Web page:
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Kitty Hawk Yak-130

FineScale Modeler reviews the 1/48 scale aircraft kit with nice resin figures
RELATED TOPICS: AIRCRAFT
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The Yak-130, Russia’s newest advanced jet trainer and light strike aircraft, is known to  NATO as the “Mitten.”

For a relatively small aircraft, the kit comes in a very big box! This is because Kitty Hawk includes two pairs of standard Russian weapons sprues, as seen in previous releases such as the Su-35. The subject-specific parts count comes in at 228, 18 of which are in clear styrene, two really nice pilot figures in resin, and 24 photo-etched (PE) brass items. However, the weapons set add another 432 parts in gray styrene! 

Three well-printed decal sheets are included, plus another with cockpit-specific items and national roundels for the Bangladeshi marking option, and finally, a sheet with decals for the supplied weapons. 

This kit is somewhat of a mixed bag in that there are some things that are done well, but there are other areas that make you scratch your head. 

Overall, the spirit of the real aircraft is captured nicely! Kitty Hawk has rendered its interesting shape convincingly. 

However, the engineering choices and parts breakdown, on top of the suggested assembly sequence, make this area difficult to build. If the modeler follows the directions for the intakes, there will be problems. I chose to attach the intake lips to the lower fuselage and build backward from there. This resulted in a much easier assembly. 

The cockpit is quite detailed and is accurate. However, the supplied instrument panel decals would be nearly impossible to apply and have them lay down correctly over the multilevel panel surfaces. I cut the individual screens from the decals and applied them separately. 

The big letdown in the cockpit is the seats. The Yak-130 uses Zvezda K-36L seats, lightweight versions of the long-established K-36 series seat. The K-36L seat is also used in the Su-35, so it’s not that unusual. The seats supplied by Kitty Hawk are best described as an approximate version of the K-36DM. Unfortunately, there are no aftermarket alternatives for the K-36L currently.

All of the control surfaces are separate parts and can be mounted in any position desired. Note that to mount the flaps in the raised position, leave out the eyelids (parts C73 and C74) and attach the flap directly to the wing underside. Kitty Hawk did a lovely job of replicating the tire sidewall detail.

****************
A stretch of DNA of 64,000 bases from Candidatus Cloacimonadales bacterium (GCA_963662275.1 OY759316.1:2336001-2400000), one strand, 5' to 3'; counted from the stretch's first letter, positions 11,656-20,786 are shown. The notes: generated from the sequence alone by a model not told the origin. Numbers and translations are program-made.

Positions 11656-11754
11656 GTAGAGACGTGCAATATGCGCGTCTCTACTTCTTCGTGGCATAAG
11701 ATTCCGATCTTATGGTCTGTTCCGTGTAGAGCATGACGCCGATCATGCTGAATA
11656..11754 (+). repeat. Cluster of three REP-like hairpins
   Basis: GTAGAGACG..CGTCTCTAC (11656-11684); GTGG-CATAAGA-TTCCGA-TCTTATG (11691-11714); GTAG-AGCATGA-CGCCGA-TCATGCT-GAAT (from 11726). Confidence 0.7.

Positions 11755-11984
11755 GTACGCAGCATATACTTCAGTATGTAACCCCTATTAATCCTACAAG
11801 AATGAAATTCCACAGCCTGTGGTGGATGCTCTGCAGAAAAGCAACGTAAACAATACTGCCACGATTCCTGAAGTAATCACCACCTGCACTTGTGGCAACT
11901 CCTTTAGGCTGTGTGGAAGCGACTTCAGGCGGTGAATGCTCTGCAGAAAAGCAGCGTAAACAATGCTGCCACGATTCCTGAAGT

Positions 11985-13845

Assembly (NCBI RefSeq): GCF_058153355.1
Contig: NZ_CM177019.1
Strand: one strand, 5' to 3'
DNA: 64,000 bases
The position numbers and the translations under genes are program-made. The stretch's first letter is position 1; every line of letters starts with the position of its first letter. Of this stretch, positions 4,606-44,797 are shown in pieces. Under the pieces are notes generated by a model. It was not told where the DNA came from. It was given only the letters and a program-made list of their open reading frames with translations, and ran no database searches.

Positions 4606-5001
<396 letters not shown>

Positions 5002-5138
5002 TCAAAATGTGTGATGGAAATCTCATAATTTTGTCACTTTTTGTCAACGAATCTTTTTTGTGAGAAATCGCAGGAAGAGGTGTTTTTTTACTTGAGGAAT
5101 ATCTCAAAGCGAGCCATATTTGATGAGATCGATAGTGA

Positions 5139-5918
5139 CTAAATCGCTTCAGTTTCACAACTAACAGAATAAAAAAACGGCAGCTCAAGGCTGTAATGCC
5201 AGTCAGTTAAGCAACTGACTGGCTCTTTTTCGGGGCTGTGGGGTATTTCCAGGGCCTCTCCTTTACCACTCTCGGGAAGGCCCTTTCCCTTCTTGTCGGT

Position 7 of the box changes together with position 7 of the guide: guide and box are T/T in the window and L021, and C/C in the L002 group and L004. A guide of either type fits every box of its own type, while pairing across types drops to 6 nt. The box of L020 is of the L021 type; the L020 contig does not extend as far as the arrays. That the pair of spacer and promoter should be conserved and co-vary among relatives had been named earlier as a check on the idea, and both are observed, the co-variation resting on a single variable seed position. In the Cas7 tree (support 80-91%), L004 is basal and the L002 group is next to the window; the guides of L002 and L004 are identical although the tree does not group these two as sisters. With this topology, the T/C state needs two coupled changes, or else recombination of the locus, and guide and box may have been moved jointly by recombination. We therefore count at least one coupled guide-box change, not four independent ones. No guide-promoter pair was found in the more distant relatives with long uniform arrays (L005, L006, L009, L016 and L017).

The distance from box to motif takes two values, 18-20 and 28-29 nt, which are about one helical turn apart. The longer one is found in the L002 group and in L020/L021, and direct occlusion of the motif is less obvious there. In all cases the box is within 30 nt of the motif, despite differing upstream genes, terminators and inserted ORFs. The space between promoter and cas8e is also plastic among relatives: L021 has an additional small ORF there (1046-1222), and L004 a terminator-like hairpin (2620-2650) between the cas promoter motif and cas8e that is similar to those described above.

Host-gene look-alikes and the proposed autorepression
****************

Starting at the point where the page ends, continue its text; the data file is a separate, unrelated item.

Kitty Hawk only provides the option of mounting the counter-measures pods on the wingtips, with no information regarding the use of wingtip missile rails. Similarly, while the idea of supplying the vast array of weapons with this kit seems like a great one, the fact is most of the supplied weapons are not applicable to the Yak-130.
The other common ordnance loaded is the B-8M rocket pod. Unfortunately, these pods aren’t included. 

The color and markings options are certainly interesting — there’s even an aircraft in overall yellow primer. I chose the overall dark green pre-production scheme. This aircraft also carried a prominent nose probe aerial, which is not provided by Kitty Hawk and will need to be scratchbuilt.

The surface detail on the Yak-130 is not as clean as Kitty Hawk’s Su-34 and -35. There are areas where it seems as though the production was rushed, with no input from a modeler. For example, the HUD frame has locating tabs on the bottom of them, which are meant to insert into holes in the cowling. But instead of holes, as shown in the instructions, the cowling has rectangular protrusions which have to be removed. 

The decal sheet provides the large wing-walk outlines in three appropriate colors. In the instructions, they are shown with the yellow set as being correctly handed, but the dark gray and white are both left versions. The decal sheet provides left versions for all three options. I had to cut up the decal and patch it together for the right-side wing-walk.

Ultimately the kit produces a good representation of the real Yak-130, but strange oversights and flaws hurt its quality. It looks great when completed, but the journey can be a challenge.


Note: A version of this review appeared in the May 2019 issue.

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